THE MANTLE is a slow burner and not one to be listened to in a hurry. This is not what one would deem a headbanger’s type of metal as it seems a vast majority of the real estate is dedicated to dreamy acoustic folk, shoegazy post-rock and hypnotic grooves embellished by electronic wizardry and outlandish production techniques. In fact only on the fourth track “I Am The Wooden Doors” does the black metal inspired fury have domination over the mellower aspects of the album and yet even here, is graced by unorthodox acoustic guitar solos that break in beneath the distorted metal galloping of the guitar grunge. Perhaps another amazing aspect of THE MANTLE is how the vocal harmonics create a whole other level of melodic counterpoint. Not only do the vocals range from the growled, clean, whispered and shrieked but in how they work together to create a larger atmospheric experience.

Sometimes one vocal style will dominate whereas other times clean and shrieked vocals will trade off by ushering in a call and response sort of forum. While many a black metal album’s shrieked vocals are indecipherable, AGALLOCH create almost the most perfect balance of lush melodic musical passages with grainy irascibly charge yet well enunciated periods of black metal magic embedded into the folk dominated soundscapes. The ratio between the sleepy time folk tranquility and the majestic metal heft is meted out in a satisfyingly elegant proportions and while there are points when certain hypnotic post-rock passages appear to be wearing out their welcome, AGALLOCH has a firm understanding of just how far to milk any certain idea before pulling out the rug and taking a 180 stylistically speaking.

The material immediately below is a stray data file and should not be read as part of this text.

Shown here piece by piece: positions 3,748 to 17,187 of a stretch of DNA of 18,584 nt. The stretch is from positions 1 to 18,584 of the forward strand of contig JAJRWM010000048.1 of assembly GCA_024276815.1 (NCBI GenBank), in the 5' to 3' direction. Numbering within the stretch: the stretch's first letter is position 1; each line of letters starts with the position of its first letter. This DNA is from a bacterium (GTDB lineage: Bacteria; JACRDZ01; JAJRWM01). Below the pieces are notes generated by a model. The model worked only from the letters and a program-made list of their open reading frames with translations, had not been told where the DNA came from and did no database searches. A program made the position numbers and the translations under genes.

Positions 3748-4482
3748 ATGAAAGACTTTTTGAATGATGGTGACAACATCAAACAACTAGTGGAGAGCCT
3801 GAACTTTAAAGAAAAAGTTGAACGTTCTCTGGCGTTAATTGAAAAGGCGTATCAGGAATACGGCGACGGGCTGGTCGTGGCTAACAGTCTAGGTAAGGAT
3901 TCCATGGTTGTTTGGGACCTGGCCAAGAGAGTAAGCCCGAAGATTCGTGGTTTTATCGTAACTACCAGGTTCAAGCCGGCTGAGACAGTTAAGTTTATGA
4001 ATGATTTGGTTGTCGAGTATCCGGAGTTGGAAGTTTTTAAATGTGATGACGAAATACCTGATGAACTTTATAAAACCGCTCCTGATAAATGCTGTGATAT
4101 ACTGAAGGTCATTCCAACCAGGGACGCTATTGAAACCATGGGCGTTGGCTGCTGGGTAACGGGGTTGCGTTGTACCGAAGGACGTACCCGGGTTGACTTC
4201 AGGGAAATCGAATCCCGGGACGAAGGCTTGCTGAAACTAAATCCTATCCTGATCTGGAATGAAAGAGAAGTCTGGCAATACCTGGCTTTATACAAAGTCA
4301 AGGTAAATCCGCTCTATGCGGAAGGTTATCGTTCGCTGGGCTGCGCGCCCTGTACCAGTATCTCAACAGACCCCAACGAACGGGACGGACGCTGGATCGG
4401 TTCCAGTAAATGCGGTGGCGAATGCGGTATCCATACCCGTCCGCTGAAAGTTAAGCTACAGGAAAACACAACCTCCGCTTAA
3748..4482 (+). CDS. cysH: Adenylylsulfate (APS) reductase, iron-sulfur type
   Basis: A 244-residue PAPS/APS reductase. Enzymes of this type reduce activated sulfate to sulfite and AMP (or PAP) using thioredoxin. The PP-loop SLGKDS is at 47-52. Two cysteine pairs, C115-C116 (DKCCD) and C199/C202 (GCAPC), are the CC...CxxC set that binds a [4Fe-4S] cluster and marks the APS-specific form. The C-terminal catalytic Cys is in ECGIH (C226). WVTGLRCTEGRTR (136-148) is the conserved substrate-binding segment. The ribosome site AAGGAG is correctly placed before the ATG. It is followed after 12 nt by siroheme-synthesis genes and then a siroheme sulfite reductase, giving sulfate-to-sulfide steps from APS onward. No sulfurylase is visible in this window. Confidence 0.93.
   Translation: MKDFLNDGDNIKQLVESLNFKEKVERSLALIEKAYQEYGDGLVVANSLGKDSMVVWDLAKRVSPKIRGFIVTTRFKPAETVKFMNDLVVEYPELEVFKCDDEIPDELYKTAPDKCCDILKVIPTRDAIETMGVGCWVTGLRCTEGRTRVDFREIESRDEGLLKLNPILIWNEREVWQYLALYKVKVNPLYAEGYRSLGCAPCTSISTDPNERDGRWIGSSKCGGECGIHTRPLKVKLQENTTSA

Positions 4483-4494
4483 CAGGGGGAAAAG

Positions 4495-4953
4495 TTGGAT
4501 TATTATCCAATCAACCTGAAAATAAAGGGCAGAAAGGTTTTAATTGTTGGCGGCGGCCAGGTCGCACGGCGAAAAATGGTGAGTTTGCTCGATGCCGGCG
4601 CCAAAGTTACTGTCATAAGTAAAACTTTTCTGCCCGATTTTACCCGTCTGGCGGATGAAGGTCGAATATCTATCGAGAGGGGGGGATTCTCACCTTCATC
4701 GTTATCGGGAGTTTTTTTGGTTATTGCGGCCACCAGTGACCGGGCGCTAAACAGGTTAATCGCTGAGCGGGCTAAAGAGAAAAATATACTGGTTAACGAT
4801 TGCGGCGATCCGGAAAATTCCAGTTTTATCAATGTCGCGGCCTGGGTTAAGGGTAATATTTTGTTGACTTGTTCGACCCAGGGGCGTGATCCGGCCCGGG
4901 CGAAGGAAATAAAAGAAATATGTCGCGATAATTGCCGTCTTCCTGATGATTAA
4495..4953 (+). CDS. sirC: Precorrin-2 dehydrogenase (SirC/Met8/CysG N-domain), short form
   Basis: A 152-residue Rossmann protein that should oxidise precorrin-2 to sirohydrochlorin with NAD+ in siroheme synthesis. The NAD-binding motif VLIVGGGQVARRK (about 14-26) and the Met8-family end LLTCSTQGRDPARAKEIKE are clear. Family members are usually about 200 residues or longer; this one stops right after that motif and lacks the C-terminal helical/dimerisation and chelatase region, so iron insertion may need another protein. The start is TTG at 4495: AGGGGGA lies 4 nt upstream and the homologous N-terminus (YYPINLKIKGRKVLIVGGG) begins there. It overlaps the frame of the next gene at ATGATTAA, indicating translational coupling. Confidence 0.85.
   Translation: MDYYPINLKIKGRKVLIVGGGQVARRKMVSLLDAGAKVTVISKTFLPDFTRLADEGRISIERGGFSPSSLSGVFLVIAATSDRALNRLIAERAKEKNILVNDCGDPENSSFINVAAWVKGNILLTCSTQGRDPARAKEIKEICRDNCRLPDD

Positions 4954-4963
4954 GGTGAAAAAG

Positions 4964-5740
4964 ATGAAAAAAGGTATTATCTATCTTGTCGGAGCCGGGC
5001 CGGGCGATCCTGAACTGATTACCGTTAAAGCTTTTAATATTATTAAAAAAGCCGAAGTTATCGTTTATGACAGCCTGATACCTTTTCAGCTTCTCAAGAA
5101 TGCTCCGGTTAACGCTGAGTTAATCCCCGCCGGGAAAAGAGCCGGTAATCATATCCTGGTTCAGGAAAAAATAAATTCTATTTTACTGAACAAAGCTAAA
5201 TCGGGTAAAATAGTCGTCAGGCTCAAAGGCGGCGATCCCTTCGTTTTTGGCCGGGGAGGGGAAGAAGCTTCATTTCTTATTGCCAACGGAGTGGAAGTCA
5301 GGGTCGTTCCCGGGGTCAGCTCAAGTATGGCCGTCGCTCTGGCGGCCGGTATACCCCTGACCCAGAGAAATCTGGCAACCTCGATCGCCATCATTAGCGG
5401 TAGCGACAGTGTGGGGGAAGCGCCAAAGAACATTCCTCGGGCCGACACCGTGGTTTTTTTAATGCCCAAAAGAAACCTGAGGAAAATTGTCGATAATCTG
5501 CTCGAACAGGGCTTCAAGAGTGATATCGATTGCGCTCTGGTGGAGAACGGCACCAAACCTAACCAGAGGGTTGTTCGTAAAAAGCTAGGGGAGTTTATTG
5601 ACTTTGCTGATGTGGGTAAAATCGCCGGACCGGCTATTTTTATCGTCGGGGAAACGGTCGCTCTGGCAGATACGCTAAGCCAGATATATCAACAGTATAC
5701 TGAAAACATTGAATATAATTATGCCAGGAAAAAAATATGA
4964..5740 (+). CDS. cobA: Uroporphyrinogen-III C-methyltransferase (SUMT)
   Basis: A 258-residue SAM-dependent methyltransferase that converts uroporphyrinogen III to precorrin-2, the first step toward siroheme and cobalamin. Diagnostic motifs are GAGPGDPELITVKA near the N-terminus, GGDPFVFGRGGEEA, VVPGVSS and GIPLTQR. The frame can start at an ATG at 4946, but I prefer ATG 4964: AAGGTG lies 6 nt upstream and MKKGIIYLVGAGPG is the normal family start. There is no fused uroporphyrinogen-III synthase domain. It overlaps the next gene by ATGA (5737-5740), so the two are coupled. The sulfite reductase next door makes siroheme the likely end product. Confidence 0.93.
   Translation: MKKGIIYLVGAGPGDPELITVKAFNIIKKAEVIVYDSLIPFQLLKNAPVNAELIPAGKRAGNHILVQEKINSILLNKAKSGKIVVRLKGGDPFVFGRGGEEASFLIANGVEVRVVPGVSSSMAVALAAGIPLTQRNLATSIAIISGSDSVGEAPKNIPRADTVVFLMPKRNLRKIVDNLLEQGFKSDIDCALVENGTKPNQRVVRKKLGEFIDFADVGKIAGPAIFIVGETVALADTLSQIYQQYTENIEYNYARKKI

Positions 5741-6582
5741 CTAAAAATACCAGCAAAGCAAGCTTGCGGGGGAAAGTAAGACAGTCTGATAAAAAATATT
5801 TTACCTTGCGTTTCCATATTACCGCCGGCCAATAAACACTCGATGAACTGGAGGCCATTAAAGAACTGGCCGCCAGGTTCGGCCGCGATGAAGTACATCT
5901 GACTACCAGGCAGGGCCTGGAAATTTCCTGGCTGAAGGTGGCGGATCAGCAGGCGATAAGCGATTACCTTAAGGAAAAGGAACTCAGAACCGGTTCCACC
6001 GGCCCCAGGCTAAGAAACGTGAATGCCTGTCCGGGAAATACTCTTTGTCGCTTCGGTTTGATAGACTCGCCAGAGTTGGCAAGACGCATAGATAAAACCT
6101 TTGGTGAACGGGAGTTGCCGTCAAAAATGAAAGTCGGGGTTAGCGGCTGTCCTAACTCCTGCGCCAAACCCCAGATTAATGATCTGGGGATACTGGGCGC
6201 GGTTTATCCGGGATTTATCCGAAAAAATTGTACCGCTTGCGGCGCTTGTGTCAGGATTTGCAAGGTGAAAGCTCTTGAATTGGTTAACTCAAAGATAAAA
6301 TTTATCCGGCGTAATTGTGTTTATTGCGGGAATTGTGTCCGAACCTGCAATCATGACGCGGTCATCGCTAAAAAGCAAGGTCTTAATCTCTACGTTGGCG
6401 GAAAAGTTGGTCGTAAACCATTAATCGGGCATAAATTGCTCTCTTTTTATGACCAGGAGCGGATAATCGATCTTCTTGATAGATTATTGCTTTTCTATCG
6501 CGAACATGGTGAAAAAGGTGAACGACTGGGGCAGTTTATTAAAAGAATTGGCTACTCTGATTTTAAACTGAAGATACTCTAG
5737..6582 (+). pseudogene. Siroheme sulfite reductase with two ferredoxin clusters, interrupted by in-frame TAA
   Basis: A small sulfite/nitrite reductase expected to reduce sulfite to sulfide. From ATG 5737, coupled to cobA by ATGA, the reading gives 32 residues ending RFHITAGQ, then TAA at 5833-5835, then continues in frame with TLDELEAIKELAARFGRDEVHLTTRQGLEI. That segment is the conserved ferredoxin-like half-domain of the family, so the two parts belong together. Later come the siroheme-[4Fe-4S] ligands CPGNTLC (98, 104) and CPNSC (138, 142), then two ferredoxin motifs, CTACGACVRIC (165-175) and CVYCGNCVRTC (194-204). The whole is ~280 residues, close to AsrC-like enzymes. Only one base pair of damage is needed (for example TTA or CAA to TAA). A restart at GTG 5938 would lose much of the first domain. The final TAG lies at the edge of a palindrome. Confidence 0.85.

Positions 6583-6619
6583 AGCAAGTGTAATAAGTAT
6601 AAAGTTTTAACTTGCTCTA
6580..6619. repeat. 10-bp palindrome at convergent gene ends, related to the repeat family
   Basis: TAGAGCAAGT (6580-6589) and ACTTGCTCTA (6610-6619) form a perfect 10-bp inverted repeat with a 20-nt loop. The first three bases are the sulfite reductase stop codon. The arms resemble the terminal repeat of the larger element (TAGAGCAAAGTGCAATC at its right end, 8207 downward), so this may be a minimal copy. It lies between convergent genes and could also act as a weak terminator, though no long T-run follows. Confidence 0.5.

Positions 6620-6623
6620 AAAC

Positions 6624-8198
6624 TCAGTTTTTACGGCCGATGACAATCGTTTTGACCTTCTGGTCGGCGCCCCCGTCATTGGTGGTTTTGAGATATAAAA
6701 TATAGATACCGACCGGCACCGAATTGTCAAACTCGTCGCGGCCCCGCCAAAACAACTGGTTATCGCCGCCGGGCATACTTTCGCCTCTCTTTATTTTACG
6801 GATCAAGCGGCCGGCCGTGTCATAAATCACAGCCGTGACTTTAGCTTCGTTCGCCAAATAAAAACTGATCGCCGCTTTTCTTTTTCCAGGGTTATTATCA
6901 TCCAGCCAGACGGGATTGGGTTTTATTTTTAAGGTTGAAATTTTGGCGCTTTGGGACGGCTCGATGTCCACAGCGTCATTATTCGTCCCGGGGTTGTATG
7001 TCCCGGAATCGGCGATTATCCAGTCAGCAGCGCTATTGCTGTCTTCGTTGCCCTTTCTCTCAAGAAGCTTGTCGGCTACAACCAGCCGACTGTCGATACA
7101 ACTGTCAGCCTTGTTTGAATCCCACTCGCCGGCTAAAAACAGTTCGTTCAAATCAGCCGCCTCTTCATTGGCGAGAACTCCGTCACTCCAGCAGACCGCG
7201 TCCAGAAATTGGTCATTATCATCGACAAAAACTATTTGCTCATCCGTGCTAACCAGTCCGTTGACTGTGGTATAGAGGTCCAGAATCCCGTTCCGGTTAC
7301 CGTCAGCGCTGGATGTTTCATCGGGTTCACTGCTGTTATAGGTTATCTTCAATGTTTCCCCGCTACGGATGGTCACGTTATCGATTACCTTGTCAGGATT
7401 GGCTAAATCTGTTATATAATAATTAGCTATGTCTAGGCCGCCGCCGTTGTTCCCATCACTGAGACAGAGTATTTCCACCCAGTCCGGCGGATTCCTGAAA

THE MANTLE also masters the art of the reprise, that is, simple melodic hooks that are introduced early on and then find their ways back into the mix only with completely different variations but somehow bring the feel of an epic journey where one must revisit past destinations before moving on. In addition to the aforementioned influences, THE MANTLE brings the epic grace of Opeth to mind, especially from albums like “Morningrise” with the brilliant commingling of acoustic and electric elements but also finds epic bands like Pink Floyd-esque guitar solos and space rock feel in “The Hawthorne Passage.” The way that the entire album is laid out evokes a great rock opera and i detect many small touches that remind me of Queensryche’s “Operation: Mindcrime” not necessarily in musical delivery but in the compositional posturing and dynamic flow of one track to the next as they incorporate subtle sounds and themes (such as military march drumming and sound samples.)

AGALLOCH found musical perfection on THE MANTLE. All the elements that had been laid out so brilliantly on “Pale Folklore” aligned perfectly on this sophomore release. The album has become a classic in the metal world for great reason. This is one that has the double effect of being instantly addictive yet offers an infinite variety of details to offer satisfying repeat listens. In fact, this is one of those albums i can safely put on perpetual replay and never grow tired of hearing since it conveys such a vast array of moods, tones, textures and timbres graced with a sophisticated production that allows every little detail to shine through the grim, depressive atmospheric displays that permeate THE MANTLE’s post-apocalyptic soundscape. When it comes to a brilliant display of how folk, metal, post-rock and atmospheric ambient sounds are woven together, i cannot think of an example better than THE MANTLE. Just digging this out for a review led me to keep it on replay for several days straight and i’m still awed by it. THAT only happens when an album is friggin’ awesome beyond belief. Yep, THE MANTLE is just that.